Partington syndrome

What causes Partington syndrome?

Partington syndrome is caused by changes (mutations) in the ARX gene, which encodes a protein that regulates the activity of other genes. This protein is particularly important in the developing brain where it plays many roles (i.e. assisting with the movement and communication of neurons). Specific changes in the ARX gene impair the function of the protein, which may disrupt normal neuronal migration. This can lead to the many signs and symptoms associated with Partington syndrome.

Last updated on 05-01-20

Is Partington syndrome inherited?

Partington syndrome is inherited in an X-linked recessive manner. A condition is considered X-linked if the mutated gene that causes the condition is located on the X chromosome, one of the two sex chromosomes (the Y chromosome is the other sex chromosome). Women have two X chromosomes and men have an X and a Y chromosome.

In X-linked recessive conditions, men develop the condition if they inherit one gene mutation (they have only one X chromosome). Females are generally only affected if they have two gene mutations (they have two X chromosomes), although some females may rarely have a mild form of the condition if they only inherit one mutation. A woman with an X-linked recessive condition will pass the mutation on to all of her sons and daughters. This means that all of her sons will have the condition and all of her daughters will be carriers. A man with an X-linked recessive condition will pass the mutation to all of his daughters (carriers) and none of his sons.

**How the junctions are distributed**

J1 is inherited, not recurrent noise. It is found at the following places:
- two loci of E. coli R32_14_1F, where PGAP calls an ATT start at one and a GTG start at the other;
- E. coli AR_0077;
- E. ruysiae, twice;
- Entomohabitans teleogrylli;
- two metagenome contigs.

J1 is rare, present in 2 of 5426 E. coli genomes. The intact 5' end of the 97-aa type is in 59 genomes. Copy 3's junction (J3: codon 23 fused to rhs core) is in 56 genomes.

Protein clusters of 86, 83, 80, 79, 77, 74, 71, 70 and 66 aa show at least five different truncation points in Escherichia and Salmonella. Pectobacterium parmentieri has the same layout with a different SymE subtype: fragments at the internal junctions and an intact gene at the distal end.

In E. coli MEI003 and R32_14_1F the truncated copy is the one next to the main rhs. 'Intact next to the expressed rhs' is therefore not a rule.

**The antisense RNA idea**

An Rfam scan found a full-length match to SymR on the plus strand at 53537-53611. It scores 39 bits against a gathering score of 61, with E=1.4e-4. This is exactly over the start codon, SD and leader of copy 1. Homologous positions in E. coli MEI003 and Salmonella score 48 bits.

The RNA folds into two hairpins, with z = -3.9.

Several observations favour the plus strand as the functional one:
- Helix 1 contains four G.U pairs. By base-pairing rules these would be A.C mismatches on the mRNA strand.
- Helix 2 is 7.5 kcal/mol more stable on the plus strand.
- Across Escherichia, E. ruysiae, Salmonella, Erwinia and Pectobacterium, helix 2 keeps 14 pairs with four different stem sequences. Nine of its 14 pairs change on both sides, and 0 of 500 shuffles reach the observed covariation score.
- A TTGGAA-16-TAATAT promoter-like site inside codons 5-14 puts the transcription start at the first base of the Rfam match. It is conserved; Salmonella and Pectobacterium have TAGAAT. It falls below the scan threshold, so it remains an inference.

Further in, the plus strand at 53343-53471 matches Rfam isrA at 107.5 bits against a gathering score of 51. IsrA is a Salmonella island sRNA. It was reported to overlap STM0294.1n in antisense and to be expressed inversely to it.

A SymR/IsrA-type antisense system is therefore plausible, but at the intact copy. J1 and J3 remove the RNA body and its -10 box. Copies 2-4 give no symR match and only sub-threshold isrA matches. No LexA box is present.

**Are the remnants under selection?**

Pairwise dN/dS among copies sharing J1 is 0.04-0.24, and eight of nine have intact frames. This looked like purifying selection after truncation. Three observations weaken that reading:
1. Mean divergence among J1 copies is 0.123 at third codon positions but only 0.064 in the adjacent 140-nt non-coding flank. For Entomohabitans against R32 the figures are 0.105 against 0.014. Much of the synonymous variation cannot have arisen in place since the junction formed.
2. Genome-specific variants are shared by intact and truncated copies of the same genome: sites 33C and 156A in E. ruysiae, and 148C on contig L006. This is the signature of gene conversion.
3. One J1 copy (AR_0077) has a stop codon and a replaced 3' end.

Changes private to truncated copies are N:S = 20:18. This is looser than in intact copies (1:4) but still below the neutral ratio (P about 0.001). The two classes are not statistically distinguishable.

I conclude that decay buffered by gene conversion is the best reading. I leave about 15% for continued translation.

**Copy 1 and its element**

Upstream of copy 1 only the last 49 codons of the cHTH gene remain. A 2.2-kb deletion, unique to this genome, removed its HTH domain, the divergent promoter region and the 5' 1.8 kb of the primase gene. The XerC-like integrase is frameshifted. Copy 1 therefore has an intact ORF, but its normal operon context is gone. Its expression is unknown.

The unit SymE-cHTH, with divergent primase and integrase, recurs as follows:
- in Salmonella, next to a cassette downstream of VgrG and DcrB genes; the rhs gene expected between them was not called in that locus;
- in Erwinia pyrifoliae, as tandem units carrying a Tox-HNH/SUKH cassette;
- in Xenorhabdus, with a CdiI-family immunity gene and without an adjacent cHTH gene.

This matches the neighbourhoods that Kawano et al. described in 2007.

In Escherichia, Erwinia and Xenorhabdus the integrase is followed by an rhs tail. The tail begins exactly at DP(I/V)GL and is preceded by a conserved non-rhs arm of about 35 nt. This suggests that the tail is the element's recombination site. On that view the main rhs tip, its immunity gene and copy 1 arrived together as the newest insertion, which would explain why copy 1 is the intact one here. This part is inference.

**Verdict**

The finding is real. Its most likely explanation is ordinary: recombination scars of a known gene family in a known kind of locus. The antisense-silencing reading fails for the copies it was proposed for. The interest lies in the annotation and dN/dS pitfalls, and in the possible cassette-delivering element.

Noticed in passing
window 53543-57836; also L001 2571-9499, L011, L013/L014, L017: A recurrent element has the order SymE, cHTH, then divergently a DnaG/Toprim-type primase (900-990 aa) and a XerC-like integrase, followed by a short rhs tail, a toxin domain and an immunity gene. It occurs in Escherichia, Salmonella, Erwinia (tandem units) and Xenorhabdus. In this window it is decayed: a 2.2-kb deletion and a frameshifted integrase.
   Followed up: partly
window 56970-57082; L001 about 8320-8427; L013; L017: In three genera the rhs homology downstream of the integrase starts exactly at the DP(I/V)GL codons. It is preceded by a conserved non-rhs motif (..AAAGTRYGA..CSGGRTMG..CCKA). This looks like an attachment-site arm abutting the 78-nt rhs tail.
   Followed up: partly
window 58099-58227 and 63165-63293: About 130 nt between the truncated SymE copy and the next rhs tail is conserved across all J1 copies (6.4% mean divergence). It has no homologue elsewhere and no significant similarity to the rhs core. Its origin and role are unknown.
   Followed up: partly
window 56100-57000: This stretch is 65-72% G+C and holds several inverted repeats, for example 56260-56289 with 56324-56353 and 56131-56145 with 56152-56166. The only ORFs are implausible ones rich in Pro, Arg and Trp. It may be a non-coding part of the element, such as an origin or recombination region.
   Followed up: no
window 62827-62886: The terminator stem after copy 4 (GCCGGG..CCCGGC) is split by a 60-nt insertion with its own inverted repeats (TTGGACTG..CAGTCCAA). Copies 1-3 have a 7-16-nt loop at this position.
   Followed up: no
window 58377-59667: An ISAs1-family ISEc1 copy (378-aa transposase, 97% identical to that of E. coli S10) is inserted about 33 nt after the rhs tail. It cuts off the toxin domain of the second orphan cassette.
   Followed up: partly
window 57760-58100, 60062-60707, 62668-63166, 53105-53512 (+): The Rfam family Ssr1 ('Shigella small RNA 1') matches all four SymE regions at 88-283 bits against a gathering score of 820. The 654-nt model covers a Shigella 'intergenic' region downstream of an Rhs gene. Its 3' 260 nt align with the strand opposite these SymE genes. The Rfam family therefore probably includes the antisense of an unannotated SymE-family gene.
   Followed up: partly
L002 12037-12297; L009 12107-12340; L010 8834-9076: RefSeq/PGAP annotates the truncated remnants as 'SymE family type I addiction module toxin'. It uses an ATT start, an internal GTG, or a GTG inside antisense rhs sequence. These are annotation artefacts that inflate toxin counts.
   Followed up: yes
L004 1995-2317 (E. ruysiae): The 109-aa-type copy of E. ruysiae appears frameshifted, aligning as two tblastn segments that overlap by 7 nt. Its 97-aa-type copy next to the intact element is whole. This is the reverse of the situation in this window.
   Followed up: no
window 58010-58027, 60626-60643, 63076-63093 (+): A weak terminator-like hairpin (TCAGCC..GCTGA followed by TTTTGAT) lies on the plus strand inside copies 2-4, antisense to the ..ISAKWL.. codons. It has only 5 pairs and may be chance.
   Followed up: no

Last updated on 05-01-20

How might Partington syndrome be treated?

The treatment of Partington syndrome is based on the signs and symptoms present in each person. For example, dystonia of the hands and other parts of the body may be treated with a variety of therapies including medications and/or physical therapy. Speech therapy may be recommended for children with dysarthria. Medications may be prescribed to help prevent and/or control recurrent seizures. Children with mild to moderate intellectual disability may benefit from special education services.

For personalized information about the treatment and management of Partington syndrome, please speak to a healthcare provider.

Last updated on 05-01-20

Name: The Arc of the United States 1825 K Street, NW Suite 1200
Washington, DC, DC, 20006, United States
Phone: +1-202-534-3700 Toll Free: 1-(800) 433-5255 Fax : +1-202-534-3731 Email: Url:

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The RareGuru disease database is regularly updated using data generously provided by GARD, the United States Genetic and Rare Disease Information Center.

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